Jharif’s private room was on the second floor and boasted a markedly impressive layout filled with handwoven, detailed design pattern-based carpets and tapestries. The bookshelves and office desks in the room contained numerous paper rolls and books sent from foreign kingdoms. The enormous space was compartmentalized using screens imported from the east, and a powerful exotic feel was created with the decor.
Jharif was sitting at the desk.
His pale scales and gemstone ring-filled hands were easily recognizable. To his right stood an unknown lizard, who seemed to be an assistant recruited to help him handle port-related matters. The lizard spread a document open on the table to discuss it with Jharif.
The sun was rather “cooperative”; that is, it was facing her and cast her shadow outside the building as opposed to inside. Nonetheless, staying where she was for too long was dangerous because the guards could see her any time. Based on her experience, she had at most five minutes… on the roof.
She listened attentively to everything they said, hoping to find useful clues from their conversation.
“There is a discrepancy between the number of products ordered and that indicated on the list. Our account balance yesterday revealed a shortage of 23 gold coins and one piece of porcelain. Interrogate the sailor who ordered the products yesterday,” said Jharif to the man beside him. The calm and elegant demeanor Jharif had displayed at the banquet was no longer there; he knocked on the table impatiently, as if he could break someone’s head with his walking stick any time. Perhaps this was more in line with who he truly was. “Hurry up, what other questions do you have? I am running out of time.”
“The captain is waiting downstairs.”
“I know, but what do you want me to do? I am the one who lost the money here, and I need to ask him just when exactly he plans to take action.” Jharif pat the table and stood up. He shook his silver robe and grabbed his walking stick with his tail before passing it to his hand. “Get lost. Do not help me, I can walk myself.”
“It is really annoying to lose money,” whispered Jharif as the two walked out of the office swiftly. After the door slammed, no other noise was heard.
The girl waited for a while to make sure that they would not return again before clinging tightly to the wall and swaying her body gently and silently. She pushed open a stained glass window under her feet slowly, using her tail, and jumped into Jharif’s office. She was sweating nervously. She had not stolen anything for a long time and felt a little rusty. She was unsure whether the guards downstairs heard her.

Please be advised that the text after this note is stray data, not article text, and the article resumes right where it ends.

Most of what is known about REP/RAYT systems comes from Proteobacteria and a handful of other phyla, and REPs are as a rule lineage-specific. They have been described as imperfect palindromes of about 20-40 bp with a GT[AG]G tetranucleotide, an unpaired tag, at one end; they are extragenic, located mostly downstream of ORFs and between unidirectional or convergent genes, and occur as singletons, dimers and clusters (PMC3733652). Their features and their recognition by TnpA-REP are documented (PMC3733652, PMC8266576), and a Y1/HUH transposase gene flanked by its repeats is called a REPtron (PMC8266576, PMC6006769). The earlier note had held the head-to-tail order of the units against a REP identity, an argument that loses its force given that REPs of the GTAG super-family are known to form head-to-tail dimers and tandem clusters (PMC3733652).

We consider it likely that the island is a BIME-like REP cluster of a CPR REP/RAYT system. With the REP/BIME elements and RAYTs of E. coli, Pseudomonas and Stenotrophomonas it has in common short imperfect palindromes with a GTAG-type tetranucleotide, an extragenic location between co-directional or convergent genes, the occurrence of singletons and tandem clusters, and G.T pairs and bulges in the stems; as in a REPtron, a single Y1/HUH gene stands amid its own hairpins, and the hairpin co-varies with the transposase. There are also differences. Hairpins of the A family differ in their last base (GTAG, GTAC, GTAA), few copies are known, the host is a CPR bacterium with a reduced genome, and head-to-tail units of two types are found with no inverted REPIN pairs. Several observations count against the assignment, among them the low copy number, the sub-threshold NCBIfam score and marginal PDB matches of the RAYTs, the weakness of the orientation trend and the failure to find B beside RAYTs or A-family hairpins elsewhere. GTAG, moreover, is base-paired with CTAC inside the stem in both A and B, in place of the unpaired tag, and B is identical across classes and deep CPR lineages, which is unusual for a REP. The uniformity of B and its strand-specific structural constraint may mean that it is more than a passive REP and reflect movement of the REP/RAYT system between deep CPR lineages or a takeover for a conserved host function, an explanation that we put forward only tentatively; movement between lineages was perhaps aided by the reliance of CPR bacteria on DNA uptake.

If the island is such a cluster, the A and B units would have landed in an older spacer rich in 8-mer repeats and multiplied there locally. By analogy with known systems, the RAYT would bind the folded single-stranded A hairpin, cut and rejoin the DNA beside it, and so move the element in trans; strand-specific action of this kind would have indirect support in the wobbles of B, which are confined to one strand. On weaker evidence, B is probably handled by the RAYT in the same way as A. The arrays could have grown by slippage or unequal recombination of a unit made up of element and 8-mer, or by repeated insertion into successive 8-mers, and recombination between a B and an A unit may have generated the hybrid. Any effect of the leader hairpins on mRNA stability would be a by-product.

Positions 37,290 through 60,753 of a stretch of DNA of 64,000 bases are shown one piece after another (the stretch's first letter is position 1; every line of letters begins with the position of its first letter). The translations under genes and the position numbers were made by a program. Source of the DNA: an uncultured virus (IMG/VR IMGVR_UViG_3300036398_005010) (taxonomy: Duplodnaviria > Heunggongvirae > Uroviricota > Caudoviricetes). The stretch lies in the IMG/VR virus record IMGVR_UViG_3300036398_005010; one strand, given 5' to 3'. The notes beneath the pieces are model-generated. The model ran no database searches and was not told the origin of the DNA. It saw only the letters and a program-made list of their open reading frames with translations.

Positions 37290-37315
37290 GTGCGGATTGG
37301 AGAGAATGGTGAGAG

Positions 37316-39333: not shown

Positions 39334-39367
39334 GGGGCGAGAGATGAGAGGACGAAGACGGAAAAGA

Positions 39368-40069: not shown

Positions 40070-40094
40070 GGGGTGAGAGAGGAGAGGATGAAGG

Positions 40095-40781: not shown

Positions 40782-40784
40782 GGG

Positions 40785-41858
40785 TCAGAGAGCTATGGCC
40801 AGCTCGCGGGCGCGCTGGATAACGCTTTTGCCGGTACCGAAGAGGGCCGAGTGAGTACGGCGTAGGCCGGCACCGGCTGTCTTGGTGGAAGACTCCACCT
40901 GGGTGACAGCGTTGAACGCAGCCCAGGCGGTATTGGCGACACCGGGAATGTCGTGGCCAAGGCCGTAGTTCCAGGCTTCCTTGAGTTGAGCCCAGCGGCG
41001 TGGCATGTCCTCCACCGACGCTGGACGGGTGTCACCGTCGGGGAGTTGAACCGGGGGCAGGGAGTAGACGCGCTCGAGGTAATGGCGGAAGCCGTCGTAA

She rushed to the desk and flipped through thick stacks of documents and letters.
The result was disappointing.
There was no evidence showing Jharif’s communication with Shaquille—although this was expected as it was unlikely that Jharif would leave any incriminating evidence—this meant that she could not prove what Jharif and Shaquille had planned to do.
The only things found on the table were account books and transaction details. She flipped through them and found a few particularly suspicious merchant ship records; they were records of merchant ships entering the port and unloading cargoes during the festival. She recalled what she had learned in the Juan family classes: During the festival, the kingdom would ease travel restrictions imposed on foreign tourists. To make the port available to foreign tourists, the kingdom would limit the number and even the sizes of merchant ships entering and leaving the port. However, Jharif’s records showed a particularly high number of large merchant ships loading and unloading cargo during the festival.
Additionally, the shipping records were vague only during these few days; all the leftover items were casually categorized as “miscellaneous goods”. For Jharif, who fussed over a few dozens of gold coins, recording these shipping records so casually was highly unlikely.